I don' know what algo should I apply to read the peak value?? Any example code.

    Circuit which I am using is attached.
     
  10. ErnieM

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    Apr 24, 2011
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    If you connect the junction of R3 and Rct to a comparator input you get a synch pulse. You already made a 1/2Vcc reference for comparison. That gives you a zero crossing reference to synch your signal. (See Note 1)

    If you have a synch signal you can measure the time between two zero cross times and use that to predict when the next peak will occur.

    If you know when the peak is going to occur you can take one measurement at that time and you have your peak signal.

    This is similar to how one measures the peak of a waveform on an oscilloscope. And you can take this measurement each and every peak for 120 times a second, and always have the last instantaneous value.

    Note 1: if a comparator input is not available then one can use an external comparator and a digital input.
     
  11. THE_RB

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    There's no need to do zero-cross sensing if you sample at a slightly faster samplerate.

    Also, zero cross to detect the "peak" wil not work well if this is sensing mains AC before or after a transformer. The mains AC waveform has deformed peaks. My AC mains here is flattened on the top, and the peak is 10 degrees before where it should be (the flattened top slopes down to the right).

    Here's an algorithm to give the peak to peak;
    1. take 20 samples over a 60Hz mains cycle (one sample every 833uS).
    2. find the largest and the smallest sample, these are the + and - peak values
    3. peak to peak distance = (largest sample - smallest sample)
    4. use ratio scaling to convert the result to volts if needed
    :)
     
    Last edited: Jul 9, 2014
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  12. shteii01

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    Feb 19, 2010
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    1. Take sample with ADC.
    2. Compare sample to previous sample.
    3. Store the highest sample.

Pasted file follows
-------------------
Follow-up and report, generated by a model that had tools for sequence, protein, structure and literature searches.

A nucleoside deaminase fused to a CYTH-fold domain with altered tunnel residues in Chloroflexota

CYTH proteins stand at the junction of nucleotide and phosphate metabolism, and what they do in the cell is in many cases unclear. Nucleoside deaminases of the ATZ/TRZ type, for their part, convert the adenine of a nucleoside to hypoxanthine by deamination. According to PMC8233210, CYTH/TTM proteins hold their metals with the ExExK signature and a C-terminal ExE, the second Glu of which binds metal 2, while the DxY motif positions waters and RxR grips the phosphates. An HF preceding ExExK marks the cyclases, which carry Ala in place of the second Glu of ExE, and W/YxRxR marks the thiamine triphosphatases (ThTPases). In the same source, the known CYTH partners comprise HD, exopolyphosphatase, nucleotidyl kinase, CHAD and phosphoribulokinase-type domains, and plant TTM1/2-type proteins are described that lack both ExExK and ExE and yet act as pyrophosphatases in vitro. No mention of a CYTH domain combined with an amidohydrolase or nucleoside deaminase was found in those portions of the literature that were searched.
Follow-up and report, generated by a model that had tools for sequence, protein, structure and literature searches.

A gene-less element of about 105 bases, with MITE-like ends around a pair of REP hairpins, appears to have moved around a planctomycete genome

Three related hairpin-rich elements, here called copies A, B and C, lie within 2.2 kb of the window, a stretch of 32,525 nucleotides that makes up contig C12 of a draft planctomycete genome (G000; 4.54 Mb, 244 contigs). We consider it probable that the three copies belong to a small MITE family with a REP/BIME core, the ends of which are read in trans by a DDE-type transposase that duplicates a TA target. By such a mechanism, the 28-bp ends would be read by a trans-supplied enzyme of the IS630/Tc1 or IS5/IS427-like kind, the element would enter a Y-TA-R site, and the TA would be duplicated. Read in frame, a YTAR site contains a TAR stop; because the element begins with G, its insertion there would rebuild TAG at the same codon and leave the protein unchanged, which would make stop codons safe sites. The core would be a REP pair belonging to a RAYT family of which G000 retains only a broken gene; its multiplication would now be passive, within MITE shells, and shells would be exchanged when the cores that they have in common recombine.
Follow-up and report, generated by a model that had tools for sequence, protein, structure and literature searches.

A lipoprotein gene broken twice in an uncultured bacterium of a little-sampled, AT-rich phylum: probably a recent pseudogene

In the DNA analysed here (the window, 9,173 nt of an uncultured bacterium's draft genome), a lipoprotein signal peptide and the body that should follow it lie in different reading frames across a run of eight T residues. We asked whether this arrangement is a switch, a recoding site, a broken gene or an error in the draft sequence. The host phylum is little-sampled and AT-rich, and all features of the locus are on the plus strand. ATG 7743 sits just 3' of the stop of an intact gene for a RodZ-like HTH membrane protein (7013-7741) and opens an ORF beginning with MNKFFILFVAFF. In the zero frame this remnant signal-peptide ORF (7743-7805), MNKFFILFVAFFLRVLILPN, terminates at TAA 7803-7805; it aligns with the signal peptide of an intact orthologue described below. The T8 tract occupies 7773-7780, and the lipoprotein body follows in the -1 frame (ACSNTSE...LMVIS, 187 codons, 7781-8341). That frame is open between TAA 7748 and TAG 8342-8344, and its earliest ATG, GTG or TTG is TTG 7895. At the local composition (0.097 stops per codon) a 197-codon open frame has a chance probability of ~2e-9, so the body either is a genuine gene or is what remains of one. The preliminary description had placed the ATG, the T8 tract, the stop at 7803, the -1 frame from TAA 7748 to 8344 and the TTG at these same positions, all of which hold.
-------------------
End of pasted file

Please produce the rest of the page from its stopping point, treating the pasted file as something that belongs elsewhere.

This is C for Engineers type class material. If you are in college/uni, you should have had it in your second year of four year program.
     
  13. NorthGuy

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    Jun 28, 2014
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    Looks like you're measuring mains current. For most real life loads, it doesn't look anything like a sine wave. Therefore, your peak measurement will be totally useless.

    You need to measure RMS. Sample often, calculate an average of squared values, then take square root.

    Do you only measure current, or do you want overall power? What kind of loads do you have?
     
  14. shteii01

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    The signal is from 0 to 5 volts.

    The signal is in volts.

    Did I miss the part where the signal changed to 110 volts (mains) and turned into current instead of voltage?
     
  15. NorthGuy

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    Jun 28, 2014
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    It is exact opposite. Current is turned into voltage with CT transformer. Schematics in post #9.
     
  16. shteii01

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    Ok. I saw a text file and did not look inside it. I have looked now.
     
  17. aamirali

    Thread Starter Member

    Feb 2, 2012
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    I am able to detect peak voltage.

    As mentioned in post #6
    1. Now one method is to find RMS by dividing peak value by square root of 2.
    2. More accurate by RMS method.

    Assume:
    taking 20 samples over a 60Hz mains cycle (one sample every 833uS).


    Query:
    To implement RMs, do I need to square all these 20 samples & average & then take root??
     
  18. joeyd999

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    Jun 6, 2011
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    You are misinterpreting the Nyquist Criterion. Sampling at > 2x the max frequency component is a requirement only if you intend to accurately digitally represent the original analog waveform.

    Computing a peak, average, or RMS of an analog waveform, absolutely does not require sampling greater than 2x, especially if you have prior knowledge of what the waveform looks like!

    For example, if you know (in advance) you have a pure 60 hz wave form, and you know where the zero crossing is, selecting 1 single data point at the correct time is adequate for computing peak, average, and RMS (neglecting noise!).

    Alternatively, if you have a 60 Hz waveform that varies only slowly through time, you can select fewer data points distributed over multiple periods, each data point skewed slightly forward or backward in time from the previous, and mathematically compute a peak, average, or RMS. In this way, no zero-crossing knowledge is required, and the processing overhead is greatly reduced.

    Before you object, I have implemented the second case -- with 50/60 hz with lots of harmonics -- and it works quite well.

    Edit: Apologies to Lestraveled. I didn't see this post prior to my comment. I guess great minds think alike!
     
    Last edited: Jul 11, 2014